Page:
In addition to hit points, HackMaster Basic uses the Threshold of Pain. This is a percentage of your hit points and increases per level (faster for fighters). An attack that does more damage than the ToP requires a trauma check. This check is a d20 rolled under 1/2 constitution , which will often be under 10. If the check fails, the character (NPC or monster) falls down in pain for a number of seconds equal to the difference between 1/2 Con and the roll x5.

Failing this check is a near combat ender. Once you are down you are vulnerable to further attacks defending with only a d8, or a Coup de Grace (taking 10 seconds). From my playtest, more characters and monsters went down by failing the ToP then from losing all their hit points.

The ToP makes combat a much scarier endeavor, and one that should not be entered into lightly. It also makes penetrating dice that much more scary. A dagger attack, with some penetration, can trigger a ToP.

Combat Example

Ending off the combat chapter is a great illustrated example of the combat system in action, done by the Knights of the Dinner Table.  The example blends, panels of the KoTD group playing out a combat, a battlemat showing the positions of the combatants, and a rules summary.

The example does a great job of walking the reader through the combat system, especially the Count Up initiative, which is likely to be the hardest part of the combat system to master. It is entertaining and highly useful.


After reading such a serious combat section and navigating all the rules, I started to forget that I was reading HackMaster, but then I reached Chapter 12…Dice.  Yes, a whole chapter dedicated to the proper use of dice, dice etiquette, and dice rolling techniques. The chapter is part funny and part insightful. It is done tongue-in-cheek, but I found myself using some of the techniques including the Two Fisted Monkey Roll. And I am here to tell you that when my character was on the line, in a recent game, that Two Fisted Monkey Roll delivered some high rolls.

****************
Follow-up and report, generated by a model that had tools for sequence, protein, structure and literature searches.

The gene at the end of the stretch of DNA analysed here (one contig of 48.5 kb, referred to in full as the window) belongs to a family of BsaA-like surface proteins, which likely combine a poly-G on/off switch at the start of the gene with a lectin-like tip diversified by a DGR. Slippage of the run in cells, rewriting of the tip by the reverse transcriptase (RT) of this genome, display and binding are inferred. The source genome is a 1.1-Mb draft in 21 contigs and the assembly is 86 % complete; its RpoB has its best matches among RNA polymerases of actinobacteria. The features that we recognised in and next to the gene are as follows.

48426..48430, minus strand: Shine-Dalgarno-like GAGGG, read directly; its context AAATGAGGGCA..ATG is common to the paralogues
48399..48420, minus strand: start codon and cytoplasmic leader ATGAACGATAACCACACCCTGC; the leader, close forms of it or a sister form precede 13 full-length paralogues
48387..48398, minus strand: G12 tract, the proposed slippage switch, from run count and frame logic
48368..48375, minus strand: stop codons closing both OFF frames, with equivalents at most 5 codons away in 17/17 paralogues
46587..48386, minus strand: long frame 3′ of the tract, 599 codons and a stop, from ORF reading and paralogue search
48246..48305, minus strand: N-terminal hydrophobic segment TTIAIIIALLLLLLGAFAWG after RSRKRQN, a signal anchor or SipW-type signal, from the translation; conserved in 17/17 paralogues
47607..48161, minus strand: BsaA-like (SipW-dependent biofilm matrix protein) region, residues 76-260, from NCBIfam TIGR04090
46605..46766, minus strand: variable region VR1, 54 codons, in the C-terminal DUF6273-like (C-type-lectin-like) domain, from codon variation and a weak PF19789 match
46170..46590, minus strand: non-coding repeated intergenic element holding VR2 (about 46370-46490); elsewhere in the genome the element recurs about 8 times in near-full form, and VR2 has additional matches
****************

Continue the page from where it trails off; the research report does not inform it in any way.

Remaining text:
There is also a section on how to save your dice when they start rolling bad. Many of these techniques have appeared in the previous version of HackMaster, but they are still important techniques.  While I wanted to treat them as tongue-in-cheek, deep down inside we all know that dice have their own will. So be mindful and read the chapter….twice.

GM Sections

The last 41 pages of the book are dedicated to the GameMaster. You will know this section by the 3/4 page illustration and the bold title “GameMasters Only Beyond This Point.” With this being the basic book, the GM section is pretty light. I would expect in the advanced HackMaster rules, there to be an expanded section. In some ways, this reminds me of my Moldvay D&D basic rules, which were also pretty light on GMing information.

There are very few rules on encounter levels, leaving the GM to determine foes and encounter difficulties for adventures he is writing. This may be difficult for less experienced GMs but seasoned GMs should be able to build encounters.

The Monster chapter contains 77 monsters of varying difficulty. Many fantasy classics are listed: Goblin, Orc, Giants, Kobolds, Skeletons, Zombies, etc. What is noticeably missing are Dragons. I suspect that the Dragon is an advanced monster and should make its appearance in the full book. The monster chapter has fewer graphics than I would have liked. The book banks off the fact that the GM that is running the game has a strong fantasy background.

The Magic and Treasure chapter offers a modest selection of items in all the common categories, grouped by level. The selection is very functional and well balanced. There are plenty of items to carry your characters to 5th level.

The GMing section finishes out with the official HackMaster guidelines for being a GameMaster. The guidelines are are delivered like the by laws of a secret society. While the presentation is funny, the rules themselves are rather functional. Future GM’s should take the time to read the chapter, for there are some gems of advice in there.